When it comes to legal sufficiency within the application for FERS Disability Retirement, this is something that confuses many. Although it’s extremely important, it’s something that doesn’t get the attention it deserves.
Let’s say a postal worker struggles with a medical condition and can no longer perform one of the essential tasks of their role. In this situation, they might be able to note their condition, attach their medical records, and receive approval. However, there has been a growing frustration for many as the US Office of Personnel Management pays more attention to these applications.
If you get removed from your role due to your ability to perform key tasks, this suggests the medical condition is preventing you from working effectively, and the agency agrees. This is known as the ‘Bruner Presumption’ and suggests that the burden of proof falls to the OPM to find a reason why the individual isn’t entitled to disability retirement benefits.
When filing, this ‘prima facie’ evidence is a powerful tool…but is it ‘sufficient’ under law? Even with the US Department of Veterans Affairs, is an individual eligible for Disability Retirement after somebody has been rated as 90% disabled with an ‘unemployability’ tag? Surely if the Department of Veterans Affairs has suggested somebody is ‘unemployable’ there’s no other answer but to grant Disability Retirement? You can’t have one without the other, right?
While this argument seems to follow all lines of reason, it isn’t determinative – and this is important. Likewise, a similar argument can be found for those who are approved for Social Security Disability before applying for FERS Disability Retirement. For Social Security Disability, one must show ‘total disability.’ For FERS Disability Retirement, the only proof required is that the individual can no longer perform at least one of the essential elements of their job (or can only perform it to a ‘lower standard’). Therefore, proving ‘total disability’ should be more than enough?
Again, it seems to follow logic, and the OPM certainly needs to consider the awarding of Social Security disability benefits following the case of Trevan vs. OPM. Yet, the important word in that previous sentence is ‘consider.’ Sure, the OPM needs to consider the Bruner Presumption and Social Security disability qualification, but this doesn’t mean they need to automatically accept all applications with this evidence.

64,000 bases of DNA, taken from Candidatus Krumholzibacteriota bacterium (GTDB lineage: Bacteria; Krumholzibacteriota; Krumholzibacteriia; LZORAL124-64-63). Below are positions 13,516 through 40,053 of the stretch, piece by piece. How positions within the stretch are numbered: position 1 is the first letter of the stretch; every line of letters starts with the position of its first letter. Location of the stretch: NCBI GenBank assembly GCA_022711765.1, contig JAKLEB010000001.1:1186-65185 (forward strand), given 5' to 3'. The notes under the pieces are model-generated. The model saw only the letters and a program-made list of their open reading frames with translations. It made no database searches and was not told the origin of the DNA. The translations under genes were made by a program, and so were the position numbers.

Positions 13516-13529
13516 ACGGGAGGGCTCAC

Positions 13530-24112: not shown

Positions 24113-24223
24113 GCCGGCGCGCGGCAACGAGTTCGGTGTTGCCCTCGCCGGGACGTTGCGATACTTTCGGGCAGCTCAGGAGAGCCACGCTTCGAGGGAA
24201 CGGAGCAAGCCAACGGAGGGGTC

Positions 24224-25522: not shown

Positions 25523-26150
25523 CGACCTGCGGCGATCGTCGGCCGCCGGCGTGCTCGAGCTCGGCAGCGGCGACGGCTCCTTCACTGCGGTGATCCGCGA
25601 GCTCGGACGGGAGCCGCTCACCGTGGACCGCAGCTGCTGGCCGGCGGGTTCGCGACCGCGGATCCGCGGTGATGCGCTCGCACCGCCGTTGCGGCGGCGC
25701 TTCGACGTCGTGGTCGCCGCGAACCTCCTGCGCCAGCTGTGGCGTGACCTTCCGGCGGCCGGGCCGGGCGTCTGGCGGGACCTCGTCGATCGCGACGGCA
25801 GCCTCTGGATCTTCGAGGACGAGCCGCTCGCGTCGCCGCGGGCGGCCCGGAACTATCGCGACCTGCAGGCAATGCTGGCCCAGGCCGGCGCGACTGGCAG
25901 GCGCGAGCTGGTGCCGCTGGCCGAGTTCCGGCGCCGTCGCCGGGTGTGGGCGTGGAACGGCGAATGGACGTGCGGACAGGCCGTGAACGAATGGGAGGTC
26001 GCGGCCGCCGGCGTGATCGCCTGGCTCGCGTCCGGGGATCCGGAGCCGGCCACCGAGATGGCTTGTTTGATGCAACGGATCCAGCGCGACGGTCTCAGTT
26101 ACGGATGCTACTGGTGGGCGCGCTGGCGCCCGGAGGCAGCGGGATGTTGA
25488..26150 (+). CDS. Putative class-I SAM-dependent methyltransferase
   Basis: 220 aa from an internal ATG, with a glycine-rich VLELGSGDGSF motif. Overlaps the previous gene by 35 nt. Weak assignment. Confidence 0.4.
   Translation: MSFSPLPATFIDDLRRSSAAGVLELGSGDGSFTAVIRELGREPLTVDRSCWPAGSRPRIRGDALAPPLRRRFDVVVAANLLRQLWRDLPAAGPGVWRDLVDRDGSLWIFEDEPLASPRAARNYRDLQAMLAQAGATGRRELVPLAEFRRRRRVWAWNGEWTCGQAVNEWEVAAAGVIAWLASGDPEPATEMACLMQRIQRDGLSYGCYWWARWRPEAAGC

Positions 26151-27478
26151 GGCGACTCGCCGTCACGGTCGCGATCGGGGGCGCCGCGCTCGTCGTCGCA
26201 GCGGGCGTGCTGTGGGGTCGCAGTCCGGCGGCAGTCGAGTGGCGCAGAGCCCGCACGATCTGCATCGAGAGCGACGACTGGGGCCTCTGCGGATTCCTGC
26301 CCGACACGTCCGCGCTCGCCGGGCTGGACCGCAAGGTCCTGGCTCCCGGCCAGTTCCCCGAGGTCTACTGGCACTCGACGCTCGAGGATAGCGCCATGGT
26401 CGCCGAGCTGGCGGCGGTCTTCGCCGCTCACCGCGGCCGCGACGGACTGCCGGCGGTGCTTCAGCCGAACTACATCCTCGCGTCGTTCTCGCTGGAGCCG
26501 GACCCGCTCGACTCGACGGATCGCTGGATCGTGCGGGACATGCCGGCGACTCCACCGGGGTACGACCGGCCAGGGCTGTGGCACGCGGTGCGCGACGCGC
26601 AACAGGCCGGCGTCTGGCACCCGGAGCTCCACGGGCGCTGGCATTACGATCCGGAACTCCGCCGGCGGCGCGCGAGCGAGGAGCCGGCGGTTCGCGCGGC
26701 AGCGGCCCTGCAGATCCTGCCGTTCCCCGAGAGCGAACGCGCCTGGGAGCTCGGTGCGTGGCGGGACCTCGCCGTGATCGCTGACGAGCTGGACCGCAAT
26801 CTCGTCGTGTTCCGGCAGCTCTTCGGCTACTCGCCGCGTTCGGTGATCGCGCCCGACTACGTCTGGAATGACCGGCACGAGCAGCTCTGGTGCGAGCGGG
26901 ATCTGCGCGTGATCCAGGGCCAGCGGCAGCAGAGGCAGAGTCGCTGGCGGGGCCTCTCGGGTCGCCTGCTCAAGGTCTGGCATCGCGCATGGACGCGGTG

Qualitative Application vs. Quantitative Inclusion
When it comes to determining ‘necessary and sufficient,’ this is the challenging concept. With medical evidence, we have something that’s ‘necessary’ but at what point does it also become ‘sufficient’? This is the big question, and it’s an argument of exactly how much evidence is enough to meet the qualifying criteria and succeed in a legal filing.
If you’re applying for FERS Disability Retirement benefits, your first inclination is probably to compile 12 years’ worth of medication documentation in the hope that this ‘quantitative’ evidence would convince the OPM. Sadly, this can be a trap because, despite the many pieces of paper suggesting a medical condition, you still continued to work for this same 12-year period.
Determining Legal Sufficiency
Ultimately, the problem that has caused many individuals headaches is the element of subjectivity that seems to be present with these applications. With this in mind, we highly recommend contacting an experienced attorney who will know what should and shouldn’t be filed and to put you in the right position for acceptance. Rather than including evidence you think is important, you can switch the attention to what the OPM will find important.
To get past the heavy gatekeeping of the OPM, submitting one wrong file could be the difference between success and failure. Don’t get us wrong, the Bruner Presumption and other arguments we’ve presented will certainly help your case, but they should never be relied upon to pass the sufficiency test.